How encouraging to find Dr. Dittmar's name in the press. We have long had the greatest respect for her work, and hoped that she would someday speak out publicly on this topic.
It is endlessly frustrating to hear fashion-industry insiders, and even some individuals in the size-acceptance movement, making the ludicrous claim that anorexic-looking models do not cause eating disorders. Of course they do! Decades of research by Dr. Dittmar and (as the articles notes) literally hundreds
of other colleagues in her field has long since proven the link. At this point, anyone denying the connection is as misguided a member of the Flat Earth Society. The evidence is irrefutable--but it has been locked in university circles and confined to academic journals, leaving fashion-industry apologists free to deny reality.
Both Dittmar in England and Boyer in France are adopting the best approach this crisis, the only approach that has any chance of making a real impact: through government legislation.
As Hannah observes,
Originally Posted by Hannah
no amount of public opprobrium or even media hostility will ever make the fashion industry change. If anything, it makes them dig in their heels even more. That's the type of personalities that we're dealing with.
Remember, these are people who often live drug-addled and immortal lifestyles. Breaking the law, living lives that everyone scorns, that's what they do. Their whole culture is a promotion of toxic lifestyles. Why should it surprise anyone that they push this kind of unhealthiness as well?
No, Boyer is right. Only government legislation, strictly enforced, will ever finally put an end to this blight on society.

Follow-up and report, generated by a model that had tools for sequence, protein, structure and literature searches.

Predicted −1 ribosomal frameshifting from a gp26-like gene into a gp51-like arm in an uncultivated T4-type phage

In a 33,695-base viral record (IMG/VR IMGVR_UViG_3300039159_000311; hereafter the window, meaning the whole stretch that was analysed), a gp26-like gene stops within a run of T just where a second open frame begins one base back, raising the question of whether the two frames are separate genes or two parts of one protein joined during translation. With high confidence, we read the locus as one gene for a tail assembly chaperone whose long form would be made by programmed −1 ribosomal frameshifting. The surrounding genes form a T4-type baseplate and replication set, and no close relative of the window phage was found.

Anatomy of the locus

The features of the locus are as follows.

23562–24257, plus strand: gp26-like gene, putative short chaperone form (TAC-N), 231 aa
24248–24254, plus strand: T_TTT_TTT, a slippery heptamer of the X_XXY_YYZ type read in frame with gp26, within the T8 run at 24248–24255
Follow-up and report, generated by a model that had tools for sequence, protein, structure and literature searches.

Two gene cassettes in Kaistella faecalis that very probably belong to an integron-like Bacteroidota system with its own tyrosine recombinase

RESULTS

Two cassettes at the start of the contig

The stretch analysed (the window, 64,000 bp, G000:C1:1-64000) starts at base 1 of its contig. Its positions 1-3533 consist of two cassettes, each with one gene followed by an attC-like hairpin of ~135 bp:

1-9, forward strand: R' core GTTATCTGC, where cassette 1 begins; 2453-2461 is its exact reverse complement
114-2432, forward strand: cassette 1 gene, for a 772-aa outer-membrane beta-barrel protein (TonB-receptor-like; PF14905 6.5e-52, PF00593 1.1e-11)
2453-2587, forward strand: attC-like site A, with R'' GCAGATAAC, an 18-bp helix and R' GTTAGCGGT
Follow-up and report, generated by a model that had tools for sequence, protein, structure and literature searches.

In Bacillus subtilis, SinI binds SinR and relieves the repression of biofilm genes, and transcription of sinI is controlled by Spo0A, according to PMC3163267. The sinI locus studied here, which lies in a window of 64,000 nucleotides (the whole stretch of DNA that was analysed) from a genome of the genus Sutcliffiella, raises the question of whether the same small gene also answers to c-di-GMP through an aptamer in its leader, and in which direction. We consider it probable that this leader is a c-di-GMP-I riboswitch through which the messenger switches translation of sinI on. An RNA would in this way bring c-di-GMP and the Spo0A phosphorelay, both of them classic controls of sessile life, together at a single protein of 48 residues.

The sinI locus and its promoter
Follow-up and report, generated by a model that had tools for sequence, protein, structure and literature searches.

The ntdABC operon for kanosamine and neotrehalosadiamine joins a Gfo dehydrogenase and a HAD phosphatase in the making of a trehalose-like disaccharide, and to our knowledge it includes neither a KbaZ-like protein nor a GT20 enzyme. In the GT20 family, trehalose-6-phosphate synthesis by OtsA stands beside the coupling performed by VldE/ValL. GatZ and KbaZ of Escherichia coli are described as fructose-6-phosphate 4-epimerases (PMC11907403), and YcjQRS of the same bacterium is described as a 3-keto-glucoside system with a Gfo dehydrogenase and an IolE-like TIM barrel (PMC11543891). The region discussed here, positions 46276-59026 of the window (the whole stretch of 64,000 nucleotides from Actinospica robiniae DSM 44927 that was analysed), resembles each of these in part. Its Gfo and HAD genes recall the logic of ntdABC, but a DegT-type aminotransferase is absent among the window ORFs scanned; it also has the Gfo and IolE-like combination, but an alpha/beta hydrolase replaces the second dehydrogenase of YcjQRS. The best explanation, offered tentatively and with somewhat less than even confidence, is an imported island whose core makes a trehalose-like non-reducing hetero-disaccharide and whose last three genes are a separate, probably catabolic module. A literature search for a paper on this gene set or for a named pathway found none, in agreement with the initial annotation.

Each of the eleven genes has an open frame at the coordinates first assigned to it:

And yet the androgynous, emaciated look is so very unnecessary. The purveyors of this destructive aesthetic are merely using commercial interests as an excuse to throw their perverted lifestyles in people's faces. It's an entirely juvenile impulse, a perpetual "Nyah, nyah"
to long-gone parental figures, a raised middle finger to everyone outside of their circle; a pure expression of their contempt for women, for Middle America, for society at large, and for anyone who isn't them; a puerile "We're gonna do what we want and you can't stop us"
mentality--the attitude of a delinquent adolescent, intent on defacing anything of beauty out of pure spite, and of putting ugliness in its place to make it an expression of his own warped soul.
But it is even more serious than a cultural blight, because actual human lives are ruined by their unnatural standard. As Kaitlynn says, "ads promoting emaciation should be banned outright as being the triggers of potentially fatal illness."
Dittmar's research has conclusively demonstrated that plus-size models are just as effective at selling products as waifs, so long as the full-figured models are beautiful; furthermore, that they improve rather than damage women's body image. But this should come as no surprise to Judgment of Paris readers--or, for that matter, to anyone with even a rudimentary knowledge of history.
Here is the third in our series of ads featured the gorgeous Hilda Clark, the contemporary of Lillian Russell, and an actress who possessed a similar fair-featured, round-faced look--the look of timeless beauty. Although the picture is regrettably small, it shows how stately and buxom she was, how full a figure she possessed. The fact that she wears a corset is regrettable, of course, and prevents one from forming an accurate impression of the breadth of her waist. But judging by her voluptuousness, which is even more marked than that of Lillian Russell, and by her round arms and full facial features, she may have been even more generously proportioned than Lillian. Yet she obviously managed to sell Coca-Cola perfectly well. (Her contract was renewed for a second campaign after the first season was completed.)
Such images of timeless beauty met every advertising need a century ago. Models with a similar kind of soft, full-figured beauty--i.e., plus-size models--could fulfill the same advertising needs today, yet in the process they would boost women's self-esteem rather than destroying it.
- Yes, ads can benefit body image